The size of Maman is saying that who is looking down on whom now? Spiders can make cob webs in the corner and aggravate you. In this case, Maman wants to live her life in peace with her kids, and if you get too close the spider will fight back. Maman is a tribute to her mother because she was not only a mother, but also a best friend. Moreover, her mother was a weaver and was very clever just like a spider. Maman is almost practically a self portrait of Louise’s mother; a protective mother and defend her kids with all her might.
on Maman/Louise Bourgeois
Maman was made to communicate the intricacy of the relationship that guardians have with their kids. The huge arachnid was intended to hold eggs at the tummy zone, much the same as a mother does when she is hopeful. When Louise was making Maman, her mom had passed.
Situated in Ottawa, the National Exhibition of Canada is one of the nation's best craftsmanship displays. In 2005, it made contention by obtaining a duplicate of Louise Common's Maman, her acclaimed bronze, treated steel, and marble form delineating a mammoth creepy crawly whose title signifies 'Mum' in French.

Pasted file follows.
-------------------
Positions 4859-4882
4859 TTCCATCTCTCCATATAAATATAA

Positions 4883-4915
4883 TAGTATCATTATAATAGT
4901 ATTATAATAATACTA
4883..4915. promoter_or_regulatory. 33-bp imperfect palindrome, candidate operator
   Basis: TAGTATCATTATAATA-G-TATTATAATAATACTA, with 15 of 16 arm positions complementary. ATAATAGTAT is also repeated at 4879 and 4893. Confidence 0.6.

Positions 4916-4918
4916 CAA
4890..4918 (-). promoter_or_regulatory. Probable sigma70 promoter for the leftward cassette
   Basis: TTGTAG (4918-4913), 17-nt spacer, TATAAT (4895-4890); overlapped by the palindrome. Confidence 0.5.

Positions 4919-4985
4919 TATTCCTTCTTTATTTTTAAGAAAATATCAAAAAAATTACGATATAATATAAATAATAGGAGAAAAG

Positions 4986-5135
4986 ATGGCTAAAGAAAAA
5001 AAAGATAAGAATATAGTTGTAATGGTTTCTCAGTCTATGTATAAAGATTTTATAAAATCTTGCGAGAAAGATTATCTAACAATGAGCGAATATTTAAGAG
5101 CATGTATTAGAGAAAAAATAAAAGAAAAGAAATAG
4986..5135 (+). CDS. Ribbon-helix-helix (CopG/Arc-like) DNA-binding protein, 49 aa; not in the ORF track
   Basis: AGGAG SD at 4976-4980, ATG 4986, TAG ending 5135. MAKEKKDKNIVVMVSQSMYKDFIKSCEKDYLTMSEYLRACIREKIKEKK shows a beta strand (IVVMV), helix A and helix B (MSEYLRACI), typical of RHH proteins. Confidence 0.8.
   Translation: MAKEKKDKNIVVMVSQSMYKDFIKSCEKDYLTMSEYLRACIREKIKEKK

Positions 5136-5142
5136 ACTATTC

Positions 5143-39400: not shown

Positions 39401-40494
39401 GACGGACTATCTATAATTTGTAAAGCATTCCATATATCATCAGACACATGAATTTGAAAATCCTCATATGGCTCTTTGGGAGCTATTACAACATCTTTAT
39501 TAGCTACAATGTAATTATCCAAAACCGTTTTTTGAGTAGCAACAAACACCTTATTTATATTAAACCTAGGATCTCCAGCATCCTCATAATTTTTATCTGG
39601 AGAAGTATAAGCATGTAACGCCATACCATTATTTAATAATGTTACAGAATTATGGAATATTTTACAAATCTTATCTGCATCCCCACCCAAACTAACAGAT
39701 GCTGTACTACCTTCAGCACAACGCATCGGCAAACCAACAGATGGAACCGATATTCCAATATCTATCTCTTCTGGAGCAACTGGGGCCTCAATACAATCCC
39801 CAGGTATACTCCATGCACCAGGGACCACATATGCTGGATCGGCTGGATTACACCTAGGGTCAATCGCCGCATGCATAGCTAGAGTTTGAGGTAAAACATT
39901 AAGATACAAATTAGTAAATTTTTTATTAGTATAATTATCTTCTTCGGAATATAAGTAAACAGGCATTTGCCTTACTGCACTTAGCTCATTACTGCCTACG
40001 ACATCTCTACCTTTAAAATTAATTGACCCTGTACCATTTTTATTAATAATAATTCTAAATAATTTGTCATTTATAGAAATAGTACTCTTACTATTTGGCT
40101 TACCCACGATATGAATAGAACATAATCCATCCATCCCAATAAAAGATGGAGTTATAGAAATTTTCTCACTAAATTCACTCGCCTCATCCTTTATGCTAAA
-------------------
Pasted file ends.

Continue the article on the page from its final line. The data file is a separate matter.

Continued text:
Maman is a model by the craftsman Louise Middle class. ... The title is the recognizable French word for Mother. The figure was made by Middle class as a piece of her debut bonus of The Unilever Arrangement in 1999 for Tate Current's immense Turbine Corridor.
All that I do is propelled by my initial life, Common wrote during the 1980s, and what roused her more than anything else was her dad's undertaking with little Louise's English mentor, Sadie, whose neck, the craftsman stated, numerous years after the fact, she might want to wring. That Average's craft was a ceaseless expulsion can't doubt.